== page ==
Hoeven Successfully Works to Halt Increase in Grassland Grazing Fees
Senator Pressed Administration to Ensure Equitable Treatment for Grazers on the National Grasslands
WASHINGTON – Senator John Hoeven today announced that the U.S. Forest Service has agreed to halt a planned increase in grazing fees for the National Grasslands in the nine Great Plains states, including North Dakota. Earlier this year, the Bureau of Land Management (BLM) announced a decrease in the grazing fees to $1.87 per head month for cattle and horses on the lands managed by the agency. Contrary to this, however, the Forest Service planned to increase fees for the grasslands by 25 percent, to $2.64 per head month, a disparity that was based on outdated data on cattle prices and land rates for the nine affected states.
In response, Hoeven worked through his role on the Senate Committee on Energy and Natural Resources to press administration officials on this rate increase and ensure that grazers on Forest Service lands receive equitable treatment. The Forest Service subsequently agreed to use the $1.87 rate for this year.
“Our ranchers have been working on these lands for generations, which benefits both the local and national economies,” Hoeven said. “This rate increase reflected an unrealistic understanding of the cattle markets in these nine western states and threatened unsustainable cost increases on our ranchers. That’s why we went to work immediately to roll back this increase when the difference in BLM and Forest Service rates was discovered. Doing so ensures our ranchers can continue to make beneficial use of these lands while continuing to be good environmental stewards.”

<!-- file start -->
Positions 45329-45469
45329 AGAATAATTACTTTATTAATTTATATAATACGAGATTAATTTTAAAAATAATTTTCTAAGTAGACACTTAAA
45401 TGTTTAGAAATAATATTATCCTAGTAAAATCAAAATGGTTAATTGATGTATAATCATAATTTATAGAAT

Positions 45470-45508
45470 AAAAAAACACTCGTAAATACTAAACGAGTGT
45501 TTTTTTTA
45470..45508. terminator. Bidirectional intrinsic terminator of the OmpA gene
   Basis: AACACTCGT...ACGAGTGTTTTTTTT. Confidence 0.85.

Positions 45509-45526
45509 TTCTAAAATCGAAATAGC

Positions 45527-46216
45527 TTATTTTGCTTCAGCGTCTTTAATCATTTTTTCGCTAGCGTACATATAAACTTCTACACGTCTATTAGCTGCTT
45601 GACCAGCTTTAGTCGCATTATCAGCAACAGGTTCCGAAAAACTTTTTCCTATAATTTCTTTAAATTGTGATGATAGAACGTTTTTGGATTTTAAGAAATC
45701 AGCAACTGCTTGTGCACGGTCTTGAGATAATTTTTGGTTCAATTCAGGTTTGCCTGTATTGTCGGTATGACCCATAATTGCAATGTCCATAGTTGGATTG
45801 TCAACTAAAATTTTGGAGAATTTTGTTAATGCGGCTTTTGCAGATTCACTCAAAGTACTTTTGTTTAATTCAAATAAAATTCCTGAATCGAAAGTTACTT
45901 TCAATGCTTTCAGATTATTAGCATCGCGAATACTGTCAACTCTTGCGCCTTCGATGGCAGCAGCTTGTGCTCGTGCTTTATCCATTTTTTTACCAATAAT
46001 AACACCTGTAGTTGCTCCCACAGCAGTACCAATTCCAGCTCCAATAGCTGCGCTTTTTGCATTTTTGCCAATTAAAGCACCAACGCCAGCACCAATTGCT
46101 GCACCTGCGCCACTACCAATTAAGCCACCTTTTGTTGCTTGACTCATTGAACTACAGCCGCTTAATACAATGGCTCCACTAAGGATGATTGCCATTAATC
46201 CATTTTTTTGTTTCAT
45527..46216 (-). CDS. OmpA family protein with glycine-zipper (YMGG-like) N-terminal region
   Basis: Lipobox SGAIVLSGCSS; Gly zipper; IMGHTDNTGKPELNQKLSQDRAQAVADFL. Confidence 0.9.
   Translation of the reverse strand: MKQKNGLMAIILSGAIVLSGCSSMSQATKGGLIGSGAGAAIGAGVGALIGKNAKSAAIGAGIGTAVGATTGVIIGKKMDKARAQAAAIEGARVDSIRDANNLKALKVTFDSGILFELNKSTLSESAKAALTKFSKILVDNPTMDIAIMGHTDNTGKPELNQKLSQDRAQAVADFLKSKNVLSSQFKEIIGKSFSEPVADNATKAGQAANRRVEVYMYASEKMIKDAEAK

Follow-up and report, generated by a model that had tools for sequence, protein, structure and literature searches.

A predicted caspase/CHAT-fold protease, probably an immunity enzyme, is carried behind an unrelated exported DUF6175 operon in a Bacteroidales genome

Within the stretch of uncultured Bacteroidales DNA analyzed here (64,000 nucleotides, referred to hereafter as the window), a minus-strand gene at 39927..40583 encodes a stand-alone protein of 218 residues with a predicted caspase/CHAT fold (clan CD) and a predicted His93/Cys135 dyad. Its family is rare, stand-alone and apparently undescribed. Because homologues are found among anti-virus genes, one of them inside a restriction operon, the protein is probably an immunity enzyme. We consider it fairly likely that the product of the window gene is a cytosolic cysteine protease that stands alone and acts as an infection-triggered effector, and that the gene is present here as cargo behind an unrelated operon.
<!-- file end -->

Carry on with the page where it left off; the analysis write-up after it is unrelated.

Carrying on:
Today’s announcement comes as part of Hoeven’s ongoing work to ensure that federal lands remain open for multiple uses, including grazing. As part of these efforts, he cosponsored a resolution to repeal the BLM’s “Planning 2.0” rule under the Congressional Review Act, which the president signed into law last month. The senator also urged recently-confirmed Interior Secretary Ryan Zinke to oppose a one-size-fits-all approach to managing federal lands and balance various local needs.
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